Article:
This section is from the book "Beautiful Gardens - How To Make Them And Maintain Them", by Walter P. Wright. Also available from Amazon: Beautiful Gardens: How To Make And Maintain Them.
Wire arches are not so becoming as rustic ones for supporting Roses, but near towns they are generally employed, on account of their cheapness, and the ease with which they can be procured at any ironmonger's. If necessity compels their use, specially strong plants should be chosen, so that the wire may be clothed as quickly as possible.
Rustic arches are procurable ready made, and if a well-finished one is procured it looks very well. It may cost a little more than a wire arch, but it will give more pleasure.
In country districts the Rose grower will probably make his own arches. The best material he can get for small poles is Larch, as it is straight, but excellent poles of Ash are often procurable. Either material should have the lower part, which is to be buried in the ground, pickled in cold creosote for three or four days. In order to economise the creosote, it is well to procure poles which have been cut a year, as green wood is very absorbent. Cold creosote is preferable to hot, because it does not impair the fibre. Larch and Ash poles varying in thickness at the base from 2 to 4 inches, and in length from 10 to 20 feet, will range in price from threepence to ninepence each. Excellent arches can be made out of this type of material, and the cost is small. Such poles as those described will also be useful for pillars. It is best to set a triangle of three, about 2 feet apart. If one strong plant is put within, and the principal canes are trained to the poles, the latter will be completely clothed before the summer is far advanced. Such pillars, placed in selected positions, are not only beautiful objects in themselves, but greatly aid in breaking up the formality of a garden.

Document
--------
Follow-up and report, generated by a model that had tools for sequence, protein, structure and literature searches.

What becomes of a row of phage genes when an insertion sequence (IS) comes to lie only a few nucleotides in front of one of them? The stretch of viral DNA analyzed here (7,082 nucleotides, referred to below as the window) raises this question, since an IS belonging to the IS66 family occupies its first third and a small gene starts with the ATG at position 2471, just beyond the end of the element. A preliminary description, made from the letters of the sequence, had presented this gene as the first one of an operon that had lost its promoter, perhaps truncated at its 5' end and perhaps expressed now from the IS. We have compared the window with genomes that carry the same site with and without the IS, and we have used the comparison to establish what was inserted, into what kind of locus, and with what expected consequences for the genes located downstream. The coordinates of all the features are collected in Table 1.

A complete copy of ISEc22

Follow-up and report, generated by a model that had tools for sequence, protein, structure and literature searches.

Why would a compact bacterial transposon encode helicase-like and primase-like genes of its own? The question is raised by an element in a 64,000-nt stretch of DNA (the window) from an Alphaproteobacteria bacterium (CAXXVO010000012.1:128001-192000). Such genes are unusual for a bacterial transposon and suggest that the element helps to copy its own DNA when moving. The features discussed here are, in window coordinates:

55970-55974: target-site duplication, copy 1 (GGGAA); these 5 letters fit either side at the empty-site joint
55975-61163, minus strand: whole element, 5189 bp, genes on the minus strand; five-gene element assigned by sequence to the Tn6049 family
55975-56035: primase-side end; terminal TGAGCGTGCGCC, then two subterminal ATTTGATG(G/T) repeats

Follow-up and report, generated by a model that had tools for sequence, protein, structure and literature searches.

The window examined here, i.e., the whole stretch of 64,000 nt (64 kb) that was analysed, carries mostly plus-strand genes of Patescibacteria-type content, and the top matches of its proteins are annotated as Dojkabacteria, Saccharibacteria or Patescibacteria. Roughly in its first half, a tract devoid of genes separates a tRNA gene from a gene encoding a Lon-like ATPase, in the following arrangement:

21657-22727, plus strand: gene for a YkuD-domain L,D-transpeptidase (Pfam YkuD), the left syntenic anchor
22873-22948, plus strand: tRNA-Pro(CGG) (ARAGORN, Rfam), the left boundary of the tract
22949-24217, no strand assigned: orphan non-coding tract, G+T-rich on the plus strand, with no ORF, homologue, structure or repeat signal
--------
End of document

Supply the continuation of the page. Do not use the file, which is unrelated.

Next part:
Stumps are equally as valuable as pillars and arches, but, except when tree-felling is being done, the material is not so easily provided. Various parts of a tree may be brought into use - the fangy stump, a piece of bole with two or three short forks, a four- or five-pronged fork from the upper branches. An entirely different effect is produced with these than that secured with either pillars or arches, and assuredly it is not less pleasing. Sprayey, free-blooming semi-climbers like Alister Stella Gray will wreathe a fork in foliage and bloom for the greater part of the year.
Fig. A Pretty Rosery, With A Combination Of Arches, Pillars, And Beds.
f, octagon in grass; g, archways at entrance to octagon; h, squares, forming continuation of passage, arches across indicated by dotted lines; i, beds; j, pillars. (Scale, 1 inch equals 12 feet.)
Stumps and forks may either stand in isolated positions, or be worked into large beds. One plan that may be suggested (and which has been adopted with splendid effect in the author's own garden) is to have a tall pillar in the centre of a large bed, and have a fork 3 to 4 feet high near each end. This gives the framework of a really beautiful and original bed, which can be completed with such lovely and uncommon things as Salpiglossises, Nicotiana Sanderae, bush Sweet Peas, Kochia scoparia, and (near the front) Cupid Sweet Peas or Violas. Bulbs will brighten the bed in spring.